The holidays bring an abundance of family events and casual conversation about our relatives. In the workplace, for example, family details like who is coming to dinner or a certain event are common topics around Thanksgiving and Christmas. We don’t often consider how many people may define family differently than what is socially typical. But words matter more than you might think. For families who have grown through adoption, holiday conversations can prove awkward or hurtful.
“People mean well, but sometimes the language they use about adoption has negative connotations,” says Michelle Hoevker, program director for Presbyterian Children’s Homes and Services’ foster care and adoption programs in Houston, Texas. “For years, people have said that unwed mothers ‘give up’ or ‘give away’ their babies, which is insensitive to both the birth mothers and to the children. Another expression, ‘put up for adoption’, dates from the 1800s. Orphan trains brought children to stations and they were literally put up on a platform to be viewed and selected. Now, there is a movement to re-frame a birth mother’s decision as careful and thoughtful. We say she is ‘placing a child in adoption’ or ‘making an adoption plan.’”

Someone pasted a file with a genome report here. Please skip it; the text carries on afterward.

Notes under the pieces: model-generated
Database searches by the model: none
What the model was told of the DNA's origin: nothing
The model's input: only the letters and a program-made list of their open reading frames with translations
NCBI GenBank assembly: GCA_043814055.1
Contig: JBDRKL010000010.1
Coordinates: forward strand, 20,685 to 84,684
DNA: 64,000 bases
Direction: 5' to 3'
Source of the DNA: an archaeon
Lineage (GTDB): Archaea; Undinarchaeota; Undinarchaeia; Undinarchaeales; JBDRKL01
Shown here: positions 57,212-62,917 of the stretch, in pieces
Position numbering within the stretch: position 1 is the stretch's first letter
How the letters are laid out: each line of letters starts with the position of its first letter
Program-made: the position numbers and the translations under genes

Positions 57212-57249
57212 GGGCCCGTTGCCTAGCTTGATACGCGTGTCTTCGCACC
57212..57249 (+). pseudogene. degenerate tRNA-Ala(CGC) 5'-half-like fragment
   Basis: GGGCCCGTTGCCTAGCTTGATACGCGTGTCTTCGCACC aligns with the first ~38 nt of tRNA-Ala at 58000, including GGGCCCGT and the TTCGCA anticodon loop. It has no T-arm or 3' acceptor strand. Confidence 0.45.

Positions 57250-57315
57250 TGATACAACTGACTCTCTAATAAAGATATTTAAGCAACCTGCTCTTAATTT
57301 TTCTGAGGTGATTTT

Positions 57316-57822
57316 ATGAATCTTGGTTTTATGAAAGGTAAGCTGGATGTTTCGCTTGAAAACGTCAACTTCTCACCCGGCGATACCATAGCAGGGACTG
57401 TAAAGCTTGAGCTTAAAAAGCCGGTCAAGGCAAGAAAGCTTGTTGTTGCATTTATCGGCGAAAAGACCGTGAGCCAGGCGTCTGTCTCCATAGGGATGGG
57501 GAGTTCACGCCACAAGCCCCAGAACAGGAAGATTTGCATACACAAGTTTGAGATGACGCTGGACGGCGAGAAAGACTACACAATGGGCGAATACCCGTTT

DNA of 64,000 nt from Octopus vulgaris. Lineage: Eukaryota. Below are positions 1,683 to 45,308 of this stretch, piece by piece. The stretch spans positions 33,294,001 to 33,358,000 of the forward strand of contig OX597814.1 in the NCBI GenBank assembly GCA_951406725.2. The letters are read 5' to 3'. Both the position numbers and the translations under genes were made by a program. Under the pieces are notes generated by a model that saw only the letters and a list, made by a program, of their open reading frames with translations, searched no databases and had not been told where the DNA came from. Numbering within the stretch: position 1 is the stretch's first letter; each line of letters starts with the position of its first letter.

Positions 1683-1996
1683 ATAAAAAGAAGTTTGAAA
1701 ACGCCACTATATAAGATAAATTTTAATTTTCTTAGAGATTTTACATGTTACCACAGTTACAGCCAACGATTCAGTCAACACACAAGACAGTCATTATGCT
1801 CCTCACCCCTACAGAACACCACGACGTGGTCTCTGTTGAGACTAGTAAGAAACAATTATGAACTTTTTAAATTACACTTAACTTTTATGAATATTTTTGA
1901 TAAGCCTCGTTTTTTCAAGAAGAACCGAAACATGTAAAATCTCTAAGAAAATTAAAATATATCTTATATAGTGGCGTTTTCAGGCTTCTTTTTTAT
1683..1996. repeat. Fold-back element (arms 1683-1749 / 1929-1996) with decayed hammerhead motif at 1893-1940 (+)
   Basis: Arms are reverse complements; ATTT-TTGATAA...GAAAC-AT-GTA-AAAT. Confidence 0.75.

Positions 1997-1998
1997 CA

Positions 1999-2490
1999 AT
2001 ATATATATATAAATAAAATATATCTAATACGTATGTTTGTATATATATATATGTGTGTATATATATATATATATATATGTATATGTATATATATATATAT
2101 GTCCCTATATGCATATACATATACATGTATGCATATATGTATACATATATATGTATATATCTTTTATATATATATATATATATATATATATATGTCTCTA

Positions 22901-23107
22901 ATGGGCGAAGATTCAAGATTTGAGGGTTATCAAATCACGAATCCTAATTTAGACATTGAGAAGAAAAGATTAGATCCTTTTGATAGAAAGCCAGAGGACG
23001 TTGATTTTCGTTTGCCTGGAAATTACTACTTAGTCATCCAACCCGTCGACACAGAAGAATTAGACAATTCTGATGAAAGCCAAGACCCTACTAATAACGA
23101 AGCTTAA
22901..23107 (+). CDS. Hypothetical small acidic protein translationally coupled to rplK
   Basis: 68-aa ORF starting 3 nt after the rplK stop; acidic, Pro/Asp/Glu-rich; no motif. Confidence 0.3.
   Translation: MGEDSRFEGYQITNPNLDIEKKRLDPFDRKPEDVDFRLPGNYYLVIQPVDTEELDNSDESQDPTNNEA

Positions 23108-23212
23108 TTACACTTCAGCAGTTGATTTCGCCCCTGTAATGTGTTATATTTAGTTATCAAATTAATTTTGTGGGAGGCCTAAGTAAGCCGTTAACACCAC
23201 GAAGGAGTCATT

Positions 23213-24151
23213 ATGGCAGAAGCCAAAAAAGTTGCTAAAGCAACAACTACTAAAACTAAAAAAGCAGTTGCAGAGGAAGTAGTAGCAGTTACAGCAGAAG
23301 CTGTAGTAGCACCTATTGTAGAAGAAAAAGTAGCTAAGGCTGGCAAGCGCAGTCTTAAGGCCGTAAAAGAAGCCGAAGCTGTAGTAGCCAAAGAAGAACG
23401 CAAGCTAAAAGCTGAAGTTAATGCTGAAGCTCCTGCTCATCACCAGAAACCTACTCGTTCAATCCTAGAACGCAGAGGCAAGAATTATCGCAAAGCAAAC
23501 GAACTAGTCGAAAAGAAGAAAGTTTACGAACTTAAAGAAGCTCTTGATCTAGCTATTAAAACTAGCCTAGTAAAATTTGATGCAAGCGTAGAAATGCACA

Hoevker has a passion for working with birth moms, adoptive parents and adoptees of all ages. Not only is she a social worker, she is an adoptive mother herself. She points out that individuals can make a difference in how they speak with and about their extended family.
If relatives are in the process of adopting, for example, they can be encouraged without implying a second-best family or that they are "special people" to consider it. An adoption should be celebrated just like a birth. Afterward, reason to distinguish family members as “real” or “biological.” They are all family.
Hoevker says individuals can also make a difference by advocating for positive language in public. Recently, when the New York Times ran a headline that began, “Son, Given up for Adoption,” Hoevker posted a polite response on social media. Within minutes, the New York Times changed the wording on its website to “placed for adoption.”